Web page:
Tuesday, May 27, 2014
CNS/USCCB (J. McAleer) review
ChicagoTribune (M. Phillips) review
RE.com (S. Wloszczyna ) review
AVClub (A.A. Dowd) review
Don't let the absurd R-rating fool you, Chef  (written, directed and starring Jon Favreau) is a lovely family oriented / Hispanic oriented film celebrating food, family and getting one's priorities straight.
Carl Casper (played by Jon Favreau) begins the film as a divorced, career driven, head chef at a trendy L.A. restaurant whose owner (played by Dustin Hoffman) while making some allowances for Carl's talent, idiosyncrasies and yes ego, at the end of the day makes it clear who's boss in HIS restaurant. As such, while certainly talented and just as certainly driven, Carl begins the story frustrated even as the costs of his (in Catholic parlance) "disordered passion" are obvious to all but to him: Not only did Carl drive wife Iñez (played magnificently here by Sofia Vergara) away, but he also stood to lose their 10 year old son Percy (played by Emjay Anthony) who Carl would only "fit into his schedule as he had the time."
Well this unstable situation, of course, could not stand. So in hopes of impressing a random if irritating/blowhard food critic (played again magnificently by a young Roger Ebert-looking Oliver Platt) Carl has a public melt-down at work, causing him to get fired by his pushed-too-far boss. And since this is the age of social media, his public meltdown in front of a restaurant full of customers was captured on cell-phone video and posted quickly on YouTube rendering him all but unemployable.
So what to do now? He finds himself having to depend on some of the people who he had previously pushed away, notably his ex, who's been telling him for years that he'd be happiest if he worked on his own -- if perhaps starting-out in a food truck. Pulling some strings (notably with another ex of hers ... played by Robert Downey, Jr), she gets him that food truck -- back in her home town of Miami. With his other bridges burned, Carl decides to "eat some crow" ... and flies out to Miami to get said truck. The rest of the story proceeds from there:
The truck's of course a mess, but help of a Cuban-American friend named Martín (played again magnificently by John Leguizamo) who had previously told him that if he ever got his own place, EVEN IF IT WAS "JUST A FOOD TRUCK" (back then it was just a joke ... ;-), he'd drop everything to be his "sous chef." So hearing that Carl got said food truck back in Miami, Martín does drop everything to fly out to help him. And with his help, Carl is able to fix said truck and then with Martín and 10-year-old Percy goes on a wonderful cross-country "road trip of discovery" from Miami, through New Orleans and later Texas back to L.A. serving both "Cubanos" (cuban sandwiches) and whatever local cuisine they meet along the way. The film will honestly make your mouth water, even as it's making mine water as I type now ... ;-)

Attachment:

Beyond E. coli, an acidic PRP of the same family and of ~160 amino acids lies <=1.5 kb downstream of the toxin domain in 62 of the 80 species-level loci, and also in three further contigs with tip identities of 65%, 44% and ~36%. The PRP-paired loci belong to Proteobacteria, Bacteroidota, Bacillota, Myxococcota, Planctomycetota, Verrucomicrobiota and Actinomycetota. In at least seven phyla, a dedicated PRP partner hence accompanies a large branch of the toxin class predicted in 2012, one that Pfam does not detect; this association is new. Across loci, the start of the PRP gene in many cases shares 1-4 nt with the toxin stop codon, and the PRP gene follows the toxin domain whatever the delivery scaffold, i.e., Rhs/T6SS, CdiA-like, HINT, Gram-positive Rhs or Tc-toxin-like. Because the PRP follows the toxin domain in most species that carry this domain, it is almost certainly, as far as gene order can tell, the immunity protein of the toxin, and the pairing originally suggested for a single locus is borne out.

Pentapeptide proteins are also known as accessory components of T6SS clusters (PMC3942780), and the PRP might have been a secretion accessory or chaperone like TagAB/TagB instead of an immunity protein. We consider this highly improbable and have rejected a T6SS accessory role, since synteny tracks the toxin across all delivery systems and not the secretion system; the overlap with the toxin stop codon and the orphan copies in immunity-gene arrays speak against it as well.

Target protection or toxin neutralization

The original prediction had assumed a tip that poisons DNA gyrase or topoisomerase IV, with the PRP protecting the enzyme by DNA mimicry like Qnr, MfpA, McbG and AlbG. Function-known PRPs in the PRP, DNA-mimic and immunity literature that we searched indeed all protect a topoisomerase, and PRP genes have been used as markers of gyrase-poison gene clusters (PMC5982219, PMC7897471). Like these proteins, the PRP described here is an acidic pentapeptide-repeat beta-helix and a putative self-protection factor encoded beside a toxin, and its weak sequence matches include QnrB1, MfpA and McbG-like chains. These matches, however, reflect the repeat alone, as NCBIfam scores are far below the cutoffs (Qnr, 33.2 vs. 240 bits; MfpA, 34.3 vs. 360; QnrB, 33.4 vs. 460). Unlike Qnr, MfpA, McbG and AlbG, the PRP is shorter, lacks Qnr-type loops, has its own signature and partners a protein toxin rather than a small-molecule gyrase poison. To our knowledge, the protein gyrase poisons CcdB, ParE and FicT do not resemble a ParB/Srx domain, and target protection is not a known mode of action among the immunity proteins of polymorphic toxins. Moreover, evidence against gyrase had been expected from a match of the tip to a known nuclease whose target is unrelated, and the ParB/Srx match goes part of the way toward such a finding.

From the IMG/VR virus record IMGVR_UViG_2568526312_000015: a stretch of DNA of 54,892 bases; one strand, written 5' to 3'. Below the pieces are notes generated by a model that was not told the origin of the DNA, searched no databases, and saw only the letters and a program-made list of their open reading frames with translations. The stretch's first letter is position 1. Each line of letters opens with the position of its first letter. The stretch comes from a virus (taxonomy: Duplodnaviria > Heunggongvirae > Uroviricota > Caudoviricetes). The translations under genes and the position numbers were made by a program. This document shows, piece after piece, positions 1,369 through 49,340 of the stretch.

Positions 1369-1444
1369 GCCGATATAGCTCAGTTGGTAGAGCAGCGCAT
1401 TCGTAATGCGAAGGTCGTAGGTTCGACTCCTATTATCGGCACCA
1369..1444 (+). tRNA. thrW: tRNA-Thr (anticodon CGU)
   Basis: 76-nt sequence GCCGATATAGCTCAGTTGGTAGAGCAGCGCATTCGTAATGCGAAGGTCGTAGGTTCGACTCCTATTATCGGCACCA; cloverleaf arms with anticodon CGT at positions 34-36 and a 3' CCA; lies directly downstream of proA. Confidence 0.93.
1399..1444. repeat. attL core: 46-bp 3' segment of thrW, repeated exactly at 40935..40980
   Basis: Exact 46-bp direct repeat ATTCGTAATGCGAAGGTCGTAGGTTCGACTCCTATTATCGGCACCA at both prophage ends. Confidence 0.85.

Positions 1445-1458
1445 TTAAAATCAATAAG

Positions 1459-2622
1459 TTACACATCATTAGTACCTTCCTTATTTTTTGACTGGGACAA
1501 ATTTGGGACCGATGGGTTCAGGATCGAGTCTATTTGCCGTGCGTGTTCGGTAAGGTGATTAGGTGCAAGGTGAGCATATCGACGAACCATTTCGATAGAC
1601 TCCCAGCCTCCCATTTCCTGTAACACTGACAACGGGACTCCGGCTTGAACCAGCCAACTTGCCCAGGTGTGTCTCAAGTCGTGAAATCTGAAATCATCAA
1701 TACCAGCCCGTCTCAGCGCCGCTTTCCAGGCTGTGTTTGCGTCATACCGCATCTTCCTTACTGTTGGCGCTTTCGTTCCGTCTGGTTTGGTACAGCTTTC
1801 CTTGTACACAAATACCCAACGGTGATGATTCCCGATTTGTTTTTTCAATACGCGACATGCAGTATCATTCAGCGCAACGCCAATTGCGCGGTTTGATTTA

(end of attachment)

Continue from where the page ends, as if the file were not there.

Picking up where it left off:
Along the way, of course, Carl reconnects with his son and gives him memories that will last both of them a life time. He also discovers that he really did have friends, in Martín, and even in his ex-wife Iñez.
I honestly don't understand the R-rating because the ending (as indeed the whole story) is about as "family oriented" and POSITIVE as it gets. And yes, it all ends as happily as it possibly could.
It's just a lovely, lovely film about friends, family, and having patience with a loved one who first loses his/her way and then works his/her way back getting his/her priorities straight. HONESTLY A GREAT (HISPANIC ORIENTED) FAMILY FILM!
I would also add that one of the food places showcased in the film -- The Versailles Restaurant on 8th Street ("Calle 8") in Little Havana/Miami -- I know quite well. I used to be stationed at a (then) parish of ours in the Orlando area and I'd occasionally have the opportunity to go down to Miami. I thank my good fortune that the first time that I did so, with a couple of visiting Servites, that I had the sense to ask at a Catholic book store (also on "Calle 8") "Hey, BTW, what'd be a good Cuban Restaurant here in Miami?" They immediately responded "Why the Versailles, of course." It's a great place, open nearly 24 hours a day, with very, very reasonable prices and _by legend_ is the place where the 1961 Bay of Pigs Invasion was both planned ... and betrayed (the latter supposedly by a traitorous waiter ... ;-). Anyway, the place is a well known landmark / treasure and certainly worth the stop if one ever has the good fortune of passing through Miami.
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